Saturday, 20 March 2010
Michelle Bachelet's learning curve lasted at least two years, and she had extensive experience in government before becoming president. That is why it is unfair to begin dumping on the current government for what has been a pretty awful first week in office.... which is not to say that the major newspapers have not been unprofessionally fawning in their reporting.
One example is yesterday's emergency, last minute meeting between Interior Minister Hinzpeter and José Miguel Stegmeier, who had been named by this government as governor of the province of BioBio. Turns out Stegmeier had some dogdgy dealings with the unsavoury characters at Colonia Dignidad, a german colony in southern Chile which has been linked to Nazis, the military dictatorship, and child abuse. Even after decades, the entire truth on Colonia Dignidad has yet to emerge, and I suspect we have not heard the last of Stegmeier. He is, in fact, named in some ongoing lawsuits against the Colony.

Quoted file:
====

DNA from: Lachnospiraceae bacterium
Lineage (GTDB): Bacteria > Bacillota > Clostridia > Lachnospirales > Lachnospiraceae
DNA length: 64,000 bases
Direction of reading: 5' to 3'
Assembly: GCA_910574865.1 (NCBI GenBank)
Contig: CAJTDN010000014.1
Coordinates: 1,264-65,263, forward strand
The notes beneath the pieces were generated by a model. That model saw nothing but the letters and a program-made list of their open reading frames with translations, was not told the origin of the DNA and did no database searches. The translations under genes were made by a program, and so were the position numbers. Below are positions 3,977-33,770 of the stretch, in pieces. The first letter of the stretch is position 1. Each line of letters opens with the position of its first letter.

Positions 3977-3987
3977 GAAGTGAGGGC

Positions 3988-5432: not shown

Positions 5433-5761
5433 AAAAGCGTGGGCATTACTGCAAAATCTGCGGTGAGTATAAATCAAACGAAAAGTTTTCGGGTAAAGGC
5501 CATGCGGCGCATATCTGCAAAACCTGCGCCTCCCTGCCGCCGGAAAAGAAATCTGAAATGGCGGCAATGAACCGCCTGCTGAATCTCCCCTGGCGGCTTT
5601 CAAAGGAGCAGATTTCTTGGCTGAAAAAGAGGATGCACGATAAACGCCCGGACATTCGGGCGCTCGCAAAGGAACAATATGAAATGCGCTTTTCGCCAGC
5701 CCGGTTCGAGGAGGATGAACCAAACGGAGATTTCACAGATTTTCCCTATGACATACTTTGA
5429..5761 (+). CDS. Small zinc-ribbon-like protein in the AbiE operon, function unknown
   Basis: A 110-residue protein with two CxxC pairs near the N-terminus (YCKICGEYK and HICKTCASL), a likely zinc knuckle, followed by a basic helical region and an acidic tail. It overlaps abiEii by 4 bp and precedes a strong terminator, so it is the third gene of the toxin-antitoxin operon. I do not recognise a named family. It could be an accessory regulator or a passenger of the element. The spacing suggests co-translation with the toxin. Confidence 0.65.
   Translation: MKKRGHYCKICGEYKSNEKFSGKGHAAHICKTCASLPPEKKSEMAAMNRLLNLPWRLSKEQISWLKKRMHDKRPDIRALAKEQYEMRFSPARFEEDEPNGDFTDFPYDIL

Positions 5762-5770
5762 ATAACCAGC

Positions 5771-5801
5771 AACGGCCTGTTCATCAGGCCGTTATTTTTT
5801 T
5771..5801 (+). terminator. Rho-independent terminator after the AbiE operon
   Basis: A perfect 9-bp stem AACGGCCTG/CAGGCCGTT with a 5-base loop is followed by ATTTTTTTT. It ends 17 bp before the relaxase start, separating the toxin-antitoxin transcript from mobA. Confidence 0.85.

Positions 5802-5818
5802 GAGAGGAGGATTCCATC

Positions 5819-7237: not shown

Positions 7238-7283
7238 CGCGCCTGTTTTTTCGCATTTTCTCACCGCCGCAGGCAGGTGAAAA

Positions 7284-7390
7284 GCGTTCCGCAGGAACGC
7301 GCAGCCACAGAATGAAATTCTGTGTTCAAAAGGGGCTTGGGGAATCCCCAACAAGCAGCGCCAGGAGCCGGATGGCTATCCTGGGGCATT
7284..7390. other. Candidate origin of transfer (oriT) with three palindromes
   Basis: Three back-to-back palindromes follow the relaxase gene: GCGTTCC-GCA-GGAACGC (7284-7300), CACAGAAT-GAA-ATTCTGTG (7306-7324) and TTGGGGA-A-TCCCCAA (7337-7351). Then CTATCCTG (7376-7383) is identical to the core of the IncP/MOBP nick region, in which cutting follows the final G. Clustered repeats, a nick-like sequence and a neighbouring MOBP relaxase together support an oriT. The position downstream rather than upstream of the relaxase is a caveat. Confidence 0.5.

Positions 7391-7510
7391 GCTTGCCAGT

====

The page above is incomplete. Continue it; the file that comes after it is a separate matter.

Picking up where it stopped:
The episode is an interesting case study. For one thing, the front page of this morning's Mercurio had two huge headlines on Piñera's hectic work schedule and the first aid package anounced by the government, and only a small square on the right hand column making reference to the Stegmeier affair.
Second, one has to ask what kind of vetting has gone on in government appointments. Are they really this hard up for people? Why is the right still linked to these characters?
Third, however, is that credit is due to the government, and especially the Interior Minister, for acting quickly. They did not try to justify, defend, deflect or delay. Hinzpeter called in Stegmeier on a Friday night, and fired him. It augurs well for the Hinzpeter method.